(A lot of people still equate musicians/recording studios with with the excessive use of drugs and alcohol and also assume the musicians will play loud music in their cars when coming and going and tend to party excessively during the recording sessions which maybe what your neighbor is afraid of. There are also peiople who don't like a lot of the lyrics in current songs and maybe upset that you are doing the "devil's work")

    Most times these types of complaints are handled by the police to start with and then the city may provide an arbitration committee or an ombudsman for obth of you to come foward and speak your piece and if all else fails your neighbor may decide to sue you which would be handled in a civil court with both of you having to have legal representatives and a judge to rule on the matter.

    If you can try and head this off before you have to go to trial and if talking to your neighbor does not produce good results try and see if there is a community service person on the city's payroll who can mediate the dispute to the satisfaction of both parties.

    Best of luck!
     
  15. MadMax

    MadMax Well-Known Member

    Gary,

    Not slingin' poo here, but this would have been a lot easier to answer with this info...

    My first and best suggestion is... GET A LAWYER!!

    You're legally entitled to operate a business, true... BUT... the truth is that you MAY fall under having to comply with local and/or municipal and/or county caveat's and ordinances.

    You may be in violation of some noise, traffic or similar ordinance... or you may not. You'll be best served by contacting an attorney familiar with the law in your location.

    As far as how other small studio operations do business in residential environments... well... as many variables as there are... it can be ad infinitum... well built (soundproofing) studios, good neighbors, large lots, ordinances, etc... make a list and pick any of em'...

    On the flip-side... take the same list and flip it the other way... just as anything (in combination) can make a studio... can break a studio.

    What's your neighbor's big beef?!? If you can determine that, then you might have a chance to address it before it's gets beyond silly... if it hasn't already... but get a lawyer first!
     
  16. BobRogers

    BobRogers Well-Known Member

    Gary, I'm with Max. Get a lawyer. A good one who is well thought of locally. You've made a start on educating yourself on the town ordinances, and you want to make it clear to everyone that you have every intention of complying with all laws. You also want to stay on friendly term with your neighbors as much as possible. It sounds like you have a letter from someone in the town government. Take it to the lawyer and see if it holds water.

    Another thought: time to find someone who knows local politics and law enforcement and pick his or her brain and get to know how things really work in your area. I'm not suggesting anything sinister. Just that, for instance, in any organization there are figureheads and people who do the real work. You need to start learning some of this stuff so you can talk to the people who really know what is going on. The local Small Business Administration may be a good place to start if it is run by someone good.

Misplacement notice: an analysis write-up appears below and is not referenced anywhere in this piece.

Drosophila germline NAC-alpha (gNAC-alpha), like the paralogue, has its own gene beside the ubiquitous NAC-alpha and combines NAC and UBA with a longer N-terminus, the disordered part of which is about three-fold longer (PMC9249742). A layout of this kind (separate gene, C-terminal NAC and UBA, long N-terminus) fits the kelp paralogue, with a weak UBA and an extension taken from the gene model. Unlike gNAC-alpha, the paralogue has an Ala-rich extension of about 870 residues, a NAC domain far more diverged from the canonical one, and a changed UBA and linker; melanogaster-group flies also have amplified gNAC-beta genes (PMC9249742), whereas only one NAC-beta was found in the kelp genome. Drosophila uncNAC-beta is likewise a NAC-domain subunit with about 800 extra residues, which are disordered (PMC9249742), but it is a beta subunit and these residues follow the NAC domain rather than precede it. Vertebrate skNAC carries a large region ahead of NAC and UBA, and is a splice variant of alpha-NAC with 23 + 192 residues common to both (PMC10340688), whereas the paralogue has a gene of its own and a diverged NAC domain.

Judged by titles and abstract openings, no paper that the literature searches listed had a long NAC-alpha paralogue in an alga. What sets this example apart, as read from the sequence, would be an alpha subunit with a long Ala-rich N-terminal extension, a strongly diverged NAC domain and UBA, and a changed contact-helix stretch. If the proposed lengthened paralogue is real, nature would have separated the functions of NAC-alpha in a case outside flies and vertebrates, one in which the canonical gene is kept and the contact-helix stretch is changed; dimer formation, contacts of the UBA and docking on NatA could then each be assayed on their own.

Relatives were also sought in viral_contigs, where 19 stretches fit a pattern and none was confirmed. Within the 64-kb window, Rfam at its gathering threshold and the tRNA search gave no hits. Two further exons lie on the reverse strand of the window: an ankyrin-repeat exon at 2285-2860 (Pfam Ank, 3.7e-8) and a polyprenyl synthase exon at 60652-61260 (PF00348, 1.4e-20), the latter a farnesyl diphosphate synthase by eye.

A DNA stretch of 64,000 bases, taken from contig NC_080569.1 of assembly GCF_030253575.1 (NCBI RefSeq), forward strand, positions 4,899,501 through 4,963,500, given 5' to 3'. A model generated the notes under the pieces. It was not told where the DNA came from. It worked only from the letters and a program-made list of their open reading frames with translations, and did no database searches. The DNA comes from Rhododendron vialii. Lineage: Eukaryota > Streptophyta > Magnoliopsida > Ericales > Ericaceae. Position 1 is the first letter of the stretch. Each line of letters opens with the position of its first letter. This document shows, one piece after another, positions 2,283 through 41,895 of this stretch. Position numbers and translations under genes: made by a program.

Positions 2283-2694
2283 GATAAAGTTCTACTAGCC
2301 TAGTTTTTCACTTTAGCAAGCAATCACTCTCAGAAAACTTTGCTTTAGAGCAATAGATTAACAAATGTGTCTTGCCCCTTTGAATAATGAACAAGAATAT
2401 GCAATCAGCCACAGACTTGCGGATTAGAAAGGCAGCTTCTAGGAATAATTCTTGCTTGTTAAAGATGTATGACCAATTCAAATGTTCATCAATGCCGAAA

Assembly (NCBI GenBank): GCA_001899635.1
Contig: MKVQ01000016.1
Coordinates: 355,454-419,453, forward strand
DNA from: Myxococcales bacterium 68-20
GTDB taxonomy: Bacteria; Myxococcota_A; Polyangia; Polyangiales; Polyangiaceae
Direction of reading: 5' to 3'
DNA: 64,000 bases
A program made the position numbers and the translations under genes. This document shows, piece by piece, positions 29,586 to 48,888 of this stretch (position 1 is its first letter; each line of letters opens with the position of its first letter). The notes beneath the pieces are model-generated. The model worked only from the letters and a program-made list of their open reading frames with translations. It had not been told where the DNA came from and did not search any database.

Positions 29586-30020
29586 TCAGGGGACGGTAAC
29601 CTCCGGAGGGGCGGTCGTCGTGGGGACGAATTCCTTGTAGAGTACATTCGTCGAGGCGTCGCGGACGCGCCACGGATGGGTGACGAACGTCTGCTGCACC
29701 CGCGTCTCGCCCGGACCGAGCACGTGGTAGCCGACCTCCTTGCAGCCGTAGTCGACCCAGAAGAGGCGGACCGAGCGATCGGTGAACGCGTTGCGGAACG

17. MadTiger3000

    MadTiger3000 Active Member

    This is in my area, so I have to interject:

    In some areas, and in some situations, a d/b/a does legalize a business.
     
  18. MadMax

    MadMax Well-Known Member

    Bob, that's an EXCELLENT idea! By getting to know "town politics", you end up not having to fight "city hall" as it were. Well... maybe not as hard or as bad as someone who's just coming in for the battle.

    As in my case... I had a neighbor who "fought" me on putting in my septic system. Sure, it delayed me by a year, but I went about things gently and slowly. It cost me an extra $100, but in the end, the county is backing me 100% on the septic system. They understand that not only are my intentions are to be on the side of the law, but I'm also wanting to be a good community citizen both on a personal, but also on a business level.

    I'm finding far easier to comply with the county authorities than to try to get away with anything. (It's actually been kind of blowing their minds!)

    That's not to say that I'm not going to have any issues, but when I do, I expect them to be a bit more lenient with their decisions.

    Again, the first thing I did was check out what my local ordinances were. Then I talked to my neighbors (Like Thomas did). Then I set out to talk to the "authorities" to find out their reaction to a studio being in the community. Because I went about asking, as opposed to just announcing, I've been met with a lot of positive attitudes.

    I guess you might say I'm suckin' up... but it's truer than you can imagine that honey works far better than vinegar!
     
  19. garysun

    garysun Active Member

    That is definitely my next step, talking to the local authorities.
    I'm just a little nervous that I may admit something that would put my livelihood in jeopardy.
    Any advice on what I should and shouldn't say?
     
  20. MadMax

    MadMax Well-Known Member

    I'd say start off by asking questions more than worrying about what you should or shouldn't say.

    I mean, if you are doing things on the up and up, you've got nothing to worry about.

    I guess "we" should start out by asking you a few questions, that you may very well be asked by the local authorities...

    Primarily... what's the nature of your neighbor's beef?
    Does your business have/need a local business license?
    Do you have/need a state sales tax filing requirement?
    (These are what establishes your legit business entity)

    Did (or do) you have the appropriate building permits and inspections for any construction for your studio?

    Have you been cited as being in violation of noise, traffic or other covenants? (Ticket, fine, etc...)

    I'm not asking you to answer these... I'm just guessing that these are some of the question's you're liable to be asked.